DOI • reference for this paper ※ https://doi.org/10.18429/JACoW-IPAC2018-TUPAF088  
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TUPAK002 Advanced Approach for Beam Matching along the Multi-Cavity SC CW Linac at GSI cavity, linac, emittance, proton 955
 
  • S. Yaramyshev, W.A. Barth, M. Heilmann
    GSI, Darmstadt, Germany
  • K. Aulenbacher
    IKP, Mainz, Germany
  • K. Aulenbacher, W.A. Barth, V. Gettmann, T. Kürzeder, M. Miski-Oglu
    HIM, Mainz, Germany
  • M. Basten, M. Busch, H. Podlech, M. Schwarz
    IAP, Frankfurt am Main, Germany
 
  A multi-stage program for the development of a heavy ion superconducting (sc) continuous wave (cw) linac is in progress at HIM (Mainz, Germany) and GSI (Darmstadt, Germany) under support of IAP (Frankfurt, Germany). In 2017 the first section of the CW-Linac has been successfully commissioned at GSI. Beam acceleration at the CW-Linac is foreseen to be performed by up to twelve multi-gap CH cavities. The linac should provide the beam for physics experiments, smoothly varying the output particle energy from 3.5 to 7.3 MeV/u, simultaneously keeping high beam quality. Due to a wide variation of the input- and output -beam energy for each cavity, a longitudinal beam matching to every cavity is of high importance. An advanced algorithm for an optimization of matched beam parameters under variable rf-voltage and rf-phase of each cavity has been developed. The description of the method and the obtained results are presented in the paper.  
DOI • reference for this paper ※ https://doi.org/10.18429/JACoW-IPAC2018-TUPAK002  
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TUPAK003 Beam Dynamics Simulations for the New Superconducting CW Heavy Ion LINAC at GSI cavity, linac, cryomodule, solenoid 959
 
  • M. Schwarz, M. Basten, M. Busch, H. Podlech
    IAP, Frankfurt am Main, Germany
  • K. Aulenbacher
    IKP, Mainz, Germany
  • K. Aulenbacher, W.A. Barth, F.D. Dziuba, V. Gettmann, T. Kürzeder, M. Miski-Oglu
    HIM, Mainz, Germany
  • W.A. Barth, M. Heilmann, A. Rubin, A. Schnase, S. Yaramyshev
    GSI, Darmstadt, Germany
 
  Funding: Work supported by BMBF Contr. No. 05P15RFBA and EU Framework Programme H2020 662186 (MYRTE)
For future experiments with heavy ions near the coulomb barrier within the super-heavy element (SHE) research project a multi-stage R&D program of GSI/HIM and IAP is currently in progress. It aims for developing a supercon-ducting (sc) continuous wave (CW) LINAC with multiple CH cavities as key components downstream the High Charge State Injector (HLI) at GSI. The LINAC design is challenging due to the requirement of intense beams in CW mode up to a mass-to-charge ratio of 6, while covering a broad output energy range from 3.5 to 7.3 MeV/u with unchanged minimum energy spread. Testing of the first CH-cavity in 2016 demonstrated a promising maximum accelerating gradient of Ea = 9.6 MV/m; the worldwide first beam test with this sc multi-gap CH-cavity in 2017 was a milestone in the R&D work of GSI/HIM and IAP. In the light of experience gained in this research so far, the beam dynamics layout for the entire LINAC has recently been updated and optimized.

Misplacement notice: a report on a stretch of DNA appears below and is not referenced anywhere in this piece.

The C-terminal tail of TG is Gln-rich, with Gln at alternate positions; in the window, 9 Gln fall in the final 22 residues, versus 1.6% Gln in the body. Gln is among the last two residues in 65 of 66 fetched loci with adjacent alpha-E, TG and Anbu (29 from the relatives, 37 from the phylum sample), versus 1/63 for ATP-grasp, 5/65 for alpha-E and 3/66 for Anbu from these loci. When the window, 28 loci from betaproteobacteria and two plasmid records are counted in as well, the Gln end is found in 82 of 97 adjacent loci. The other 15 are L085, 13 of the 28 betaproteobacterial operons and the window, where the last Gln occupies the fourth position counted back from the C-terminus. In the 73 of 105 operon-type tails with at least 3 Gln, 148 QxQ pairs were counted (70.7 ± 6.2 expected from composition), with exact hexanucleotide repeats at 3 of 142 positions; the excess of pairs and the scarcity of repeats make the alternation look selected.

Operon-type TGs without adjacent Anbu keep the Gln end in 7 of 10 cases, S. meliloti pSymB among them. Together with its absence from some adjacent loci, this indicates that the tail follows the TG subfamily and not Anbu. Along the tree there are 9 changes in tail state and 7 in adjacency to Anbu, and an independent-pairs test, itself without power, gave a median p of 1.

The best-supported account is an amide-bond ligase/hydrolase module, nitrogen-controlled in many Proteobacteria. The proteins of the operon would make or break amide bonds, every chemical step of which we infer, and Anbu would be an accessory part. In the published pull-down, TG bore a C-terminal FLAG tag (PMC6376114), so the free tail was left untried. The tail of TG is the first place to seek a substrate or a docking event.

DOI • reference for this paper ※ https://doi.org/10.18429/JACoW-IPAC2018-TUPAK003  
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TUPAK004 Superconducting CH-Cavity Heavy Ion Beam Testing at GSI cavity, linac, acceleration, emittance 962
 
  • W.A. Barth, M. Heilmann, A. Rubin, A. Schnase, S. Yaramyshev
    GSI, Darmstadt, Germany
  • K. Aulenbacher
    IKP, Mainz, Germany
  • K. Aulenbacher, F.D. Dziuba, V. Gettmann, T. Kürzeder, M. Miski-Oglu
    HIM, Mainz, Germany
  • M. Basten, M. Busch, H. Podlech, M. Schwarz
    IAP, Frankfurt am Main, Germany
 
  Recently the first section of a standalone superconducting (sc) continuous wave (cw) heavy ion Linac as a demonstration of the capability of 217 MHz multi gap Crossbar H-mode structures (CH) has been commissioned and extensively tested with beam from the GSI- High Charge State Injector. The demonstrator set up reached acceleration of heavy ions up to the design beam energy and beyond. The required acceleration gain was achieved with heavy ion beams even above the design mass to charge ratio at high beam intensity and full beam transmission. This contribution presents systematic beam measurements with varying RF-amplitudes and phases of the CH-cavity, as well as versatile phase space measurements for heavy ion beams with different mass to charge ratio. The worldwide first and successful beam test with a superconducting multi gap CH-cavity is a milestone of the R&D work of Helmholtz Institute Mainz (HIM) and GSI in collaboration with Goethe University Frankfurt (GUF) in preparation of the sc cw heavy ion Linac project and other cw-ion beam applications.  
DOI • reference for this paper ※ https://doi.org/10.18429/JACoW-IPAC2018-TUPAK004  
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WEPAK006 Bunch Shape Measurements at the GSI CW-Linac Prototype linac, cavity, bunching, emittance 2091
 
  • T. Sieber, W.A. Barth, P. Forck, V. Gettmann, M. Heilmann, H. Reeg, A. Reiter, S. Yaramyshev
    GSI, Darmstadt, Germany
  • F.D. Dziuba, T. Kürzeder, M. Miski-Oglu
    HIM, Mainz, Germany
  • A. Feschenko, S.A. Gavrilov
    RAS/INR, Moscow, Russia
 
  The existing GSI accelerator will become the injector for FAIR. To preserve and enhance the current experimental program at UNILAC, a new Linac is under development, which shall run in parallel to the FAIR injector, providing cw-beams of ions at energies from 3.5 - 7.3 MeV/u. For this cw-Linac a superconducting prototype cavity has been developed and was first operated with beam in summer 2017. The resonator is a cross-bar H-structure (CH) of 0.7 m length, with a resonant frequency of 216.8 MHz. It has been installed behind the GSI High Charge State Injector (HLI), which provided 108 MHz bunches of 1.4 MeV/u Ar6+/9+/11+ ions at a duty cycle of 25 %. Due to the frequency jump and small longitudinal acceptance of the CH, proper matching of the HLI beam to the prototype was required. The bunch properties of the injected beam as well as the effect of different phase- and amplitude-settings of the cavity were measured in detail with a bunch shape monitor (BSM) fabricated at INR, Moscow, while the mean energy was analyzed by time of flight method. In this contribution, the bunch shape measurements are described and the capabilities of the used BSM measurement principle are discussed.